We are particularly interested in how the microbiome contributes to human diseases in the context of aging and inflammatory diseases. In the context of aging, we find that the aging microbiome shows very pronounced shifts in the metabolism between microbes as well as in interaction with the host. These changes are tightly linked to disease processes in the host which supports an important role of the microbiome as a driver of aging. In the context of inflammatory bowel disease, we have found particular shifts in community metabolism that are tightly linked to therapy response even prior to initiation of therapy. Similarly, we find pronounced changes in the metabolic interaction between the microbial community and its host in the early development of the microbiome in preterm infants. Intriguingly, these changes are tightly linked to the occurence of late onset sepsis which is a major cause of mortality in preterm infants. Based on these findings we are investigating how the microbiome of these infants could be modulated to prevent sepsis.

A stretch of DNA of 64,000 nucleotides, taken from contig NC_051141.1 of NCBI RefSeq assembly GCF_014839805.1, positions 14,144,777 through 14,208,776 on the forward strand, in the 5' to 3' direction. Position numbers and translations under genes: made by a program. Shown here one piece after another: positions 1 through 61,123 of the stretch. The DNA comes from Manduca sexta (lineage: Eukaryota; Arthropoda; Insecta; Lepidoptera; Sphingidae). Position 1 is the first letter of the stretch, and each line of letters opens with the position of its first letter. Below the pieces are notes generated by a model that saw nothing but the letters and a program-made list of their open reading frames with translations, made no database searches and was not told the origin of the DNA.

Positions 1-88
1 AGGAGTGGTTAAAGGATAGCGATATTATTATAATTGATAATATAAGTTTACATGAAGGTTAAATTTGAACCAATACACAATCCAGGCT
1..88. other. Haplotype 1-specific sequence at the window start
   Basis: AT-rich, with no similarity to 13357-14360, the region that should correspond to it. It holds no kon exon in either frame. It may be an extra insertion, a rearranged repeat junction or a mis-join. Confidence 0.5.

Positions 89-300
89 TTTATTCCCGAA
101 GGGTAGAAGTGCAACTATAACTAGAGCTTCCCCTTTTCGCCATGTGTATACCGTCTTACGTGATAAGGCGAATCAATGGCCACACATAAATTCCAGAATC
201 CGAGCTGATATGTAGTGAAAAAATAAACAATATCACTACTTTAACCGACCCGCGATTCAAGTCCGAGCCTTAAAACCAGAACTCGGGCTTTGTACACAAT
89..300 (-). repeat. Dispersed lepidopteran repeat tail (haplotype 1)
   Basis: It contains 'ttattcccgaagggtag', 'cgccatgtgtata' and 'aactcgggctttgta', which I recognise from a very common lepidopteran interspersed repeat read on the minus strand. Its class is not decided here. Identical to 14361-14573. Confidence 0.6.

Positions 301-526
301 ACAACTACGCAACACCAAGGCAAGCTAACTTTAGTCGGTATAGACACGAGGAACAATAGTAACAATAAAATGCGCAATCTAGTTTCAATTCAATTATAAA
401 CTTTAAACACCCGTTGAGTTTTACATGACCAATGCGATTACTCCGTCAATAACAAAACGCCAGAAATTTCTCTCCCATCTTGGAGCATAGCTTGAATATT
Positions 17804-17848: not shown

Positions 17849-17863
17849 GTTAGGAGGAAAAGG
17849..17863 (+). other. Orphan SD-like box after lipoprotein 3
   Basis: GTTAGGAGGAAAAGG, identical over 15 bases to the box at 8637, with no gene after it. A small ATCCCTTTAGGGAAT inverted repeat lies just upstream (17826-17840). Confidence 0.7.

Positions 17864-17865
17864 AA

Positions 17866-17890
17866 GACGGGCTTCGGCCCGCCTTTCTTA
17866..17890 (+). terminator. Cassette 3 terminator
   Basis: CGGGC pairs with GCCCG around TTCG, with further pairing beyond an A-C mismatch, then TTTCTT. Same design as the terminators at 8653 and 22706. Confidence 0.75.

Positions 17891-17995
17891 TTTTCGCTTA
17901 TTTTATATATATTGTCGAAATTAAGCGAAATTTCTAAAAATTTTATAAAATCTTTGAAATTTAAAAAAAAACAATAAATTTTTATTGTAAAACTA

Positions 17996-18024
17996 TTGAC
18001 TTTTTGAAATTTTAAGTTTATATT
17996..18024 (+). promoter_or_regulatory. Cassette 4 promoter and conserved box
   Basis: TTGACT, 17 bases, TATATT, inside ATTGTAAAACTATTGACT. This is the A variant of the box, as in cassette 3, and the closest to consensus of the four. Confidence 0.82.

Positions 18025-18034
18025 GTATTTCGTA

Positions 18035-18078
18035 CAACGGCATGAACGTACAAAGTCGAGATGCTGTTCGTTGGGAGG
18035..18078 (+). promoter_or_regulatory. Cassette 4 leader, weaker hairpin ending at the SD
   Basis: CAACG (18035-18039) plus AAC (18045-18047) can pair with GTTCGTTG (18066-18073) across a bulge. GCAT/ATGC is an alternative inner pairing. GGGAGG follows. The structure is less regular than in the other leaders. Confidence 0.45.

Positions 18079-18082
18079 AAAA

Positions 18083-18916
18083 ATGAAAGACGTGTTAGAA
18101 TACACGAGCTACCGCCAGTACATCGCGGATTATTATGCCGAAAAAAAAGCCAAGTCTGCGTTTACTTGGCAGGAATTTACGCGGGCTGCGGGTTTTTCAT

In non-vertebrate model organisms of microbiome research, we are particularly interested in the principles governing the interaction within the microbiome as well as between the microbiome and the host. Thus, in Caenorhabditis elegans we are currently reconstructing metabolic networks of bacteria living in the gut of the worm in the wild and link the metabolic capabilities of these strains to host fitness (in collaboration with Hinrich Schulenburg/Kiel University). Moreover, we study how the host adapts metabolically to colonization with different bacterial taxa. In sponges, we are building metabolic models from microbial genomes assembled from metagenomic data and relate metabolic cross-feeding patterns to spatial organization of the corresponding microbes within the sponge (collaboration with Ute Hentschel/GEOMAR Kiel).


Elucidating mechanisms of rapid microbial adaptation to changing environmental conditions